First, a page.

The Invisible Man (Leigh Whannell, 2020, Australia/USA/Canada/UK)


               With The Invisible Man, Leigh Whannell has demonstrated himself as a confident director in the horror and thriller spaces. I didn’t have high expectations, with Whannell’s most notable credit prior to The Invisible Man being an installment of the Insidious franchise. The Invisible Man’s approach is strikingly spare and minimalist, and even when the special effects come into play, the film remains distinctly spartan. While the film has its flaws, it still stands as a successful revitalization of an 123-year-old IP.
               The first half of The Invisible Man barrels on the tension at a slow burn pace. After Cecilia Kass takes refuge from her abusive partner, optics scientist Adam Griffin, at the house of her childhood friend James, things start to get strange. This is the section of the film where Whannell truly demonstrates his skill. The unsung hero here is also his cinematography Stefan Duscio, who creates the presence of the titular man even when we can’t see him. Duscio’s camera work – full of gliding and disorienting angles – creates an anticipatory sense of dread.
               The latter half of the film, which introduces a co-conspirator and finally begins to show us the CGI Invisible Man, is less successful than the first. Still, the film remains remarkably tight when it comes to plot holes. Additionally, the film is anchored by an incredible performance from Elisabeth Moss. Her fear and paranoia are palpable, and her gradual descent throughout the film is powerful to watch. Even when the events in the film seem silly, she grounds them with a deep sense of reality. The film’s ending leaves something to be desired, but overall it is satisfying. Additional aspects – such as the brooding score from Benjamin Wallfisch – also create a great sense of atmosphere.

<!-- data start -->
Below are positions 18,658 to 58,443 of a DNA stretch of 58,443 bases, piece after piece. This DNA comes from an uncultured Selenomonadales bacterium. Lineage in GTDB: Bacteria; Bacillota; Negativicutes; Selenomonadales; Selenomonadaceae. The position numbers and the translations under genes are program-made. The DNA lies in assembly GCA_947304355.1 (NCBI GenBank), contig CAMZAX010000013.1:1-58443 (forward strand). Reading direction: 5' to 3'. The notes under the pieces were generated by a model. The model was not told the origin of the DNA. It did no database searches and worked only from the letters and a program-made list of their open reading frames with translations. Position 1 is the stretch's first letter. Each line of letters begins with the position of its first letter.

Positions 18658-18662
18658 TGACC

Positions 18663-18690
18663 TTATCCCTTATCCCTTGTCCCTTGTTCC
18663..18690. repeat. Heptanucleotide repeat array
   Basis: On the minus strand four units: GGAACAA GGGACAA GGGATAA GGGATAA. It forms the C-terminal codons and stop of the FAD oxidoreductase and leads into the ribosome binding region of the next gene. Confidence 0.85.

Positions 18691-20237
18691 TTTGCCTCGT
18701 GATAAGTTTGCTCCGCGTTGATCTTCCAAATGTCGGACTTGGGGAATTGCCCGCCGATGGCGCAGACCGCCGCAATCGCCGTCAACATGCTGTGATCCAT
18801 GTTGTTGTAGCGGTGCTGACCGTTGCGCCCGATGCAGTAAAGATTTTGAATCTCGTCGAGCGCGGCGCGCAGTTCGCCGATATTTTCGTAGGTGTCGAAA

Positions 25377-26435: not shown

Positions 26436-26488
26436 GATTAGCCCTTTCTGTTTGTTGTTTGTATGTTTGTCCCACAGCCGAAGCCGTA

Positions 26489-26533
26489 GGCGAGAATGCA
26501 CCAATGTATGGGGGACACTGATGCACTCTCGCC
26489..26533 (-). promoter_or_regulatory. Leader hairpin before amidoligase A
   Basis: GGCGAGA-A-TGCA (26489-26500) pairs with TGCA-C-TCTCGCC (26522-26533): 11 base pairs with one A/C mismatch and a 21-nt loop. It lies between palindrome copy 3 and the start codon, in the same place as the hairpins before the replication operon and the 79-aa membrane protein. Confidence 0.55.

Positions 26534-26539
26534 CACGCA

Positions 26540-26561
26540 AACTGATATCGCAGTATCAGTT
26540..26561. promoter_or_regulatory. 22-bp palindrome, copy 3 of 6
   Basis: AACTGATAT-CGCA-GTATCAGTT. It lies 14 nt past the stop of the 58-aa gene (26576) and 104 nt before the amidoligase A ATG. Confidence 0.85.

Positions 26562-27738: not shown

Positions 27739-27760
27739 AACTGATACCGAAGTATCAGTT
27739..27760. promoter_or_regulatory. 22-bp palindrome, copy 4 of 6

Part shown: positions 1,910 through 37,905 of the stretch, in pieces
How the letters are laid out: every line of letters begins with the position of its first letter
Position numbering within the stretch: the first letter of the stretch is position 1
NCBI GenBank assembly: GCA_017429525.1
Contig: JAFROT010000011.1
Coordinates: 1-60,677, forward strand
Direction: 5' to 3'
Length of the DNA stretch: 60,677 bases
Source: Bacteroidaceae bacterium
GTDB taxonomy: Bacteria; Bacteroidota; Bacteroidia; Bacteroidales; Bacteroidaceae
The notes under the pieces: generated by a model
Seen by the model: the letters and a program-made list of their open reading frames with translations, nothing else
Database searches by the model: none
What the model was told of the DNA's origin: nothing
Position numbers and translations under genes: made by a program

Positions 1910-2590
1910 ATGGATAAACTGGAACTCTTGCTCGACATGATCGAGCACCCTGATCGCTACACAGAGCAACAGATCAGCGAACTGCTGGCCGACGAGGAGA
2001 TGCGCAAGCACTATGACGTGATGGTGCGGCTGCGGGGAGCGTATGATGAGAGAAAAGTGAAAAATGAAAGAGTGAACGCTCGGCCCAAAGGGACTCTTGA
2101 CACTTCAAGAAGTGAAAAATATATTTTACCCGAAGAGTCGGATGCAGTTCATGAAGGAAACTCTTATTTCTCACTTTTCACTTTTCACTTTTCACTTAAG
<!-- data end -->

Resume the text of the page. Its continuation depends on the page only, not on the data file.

Overall, The Invisible Man is not a groundbreaking piece of cinema, but a solid throwback thriller that stands as a great entry into the genre.
              
7/10

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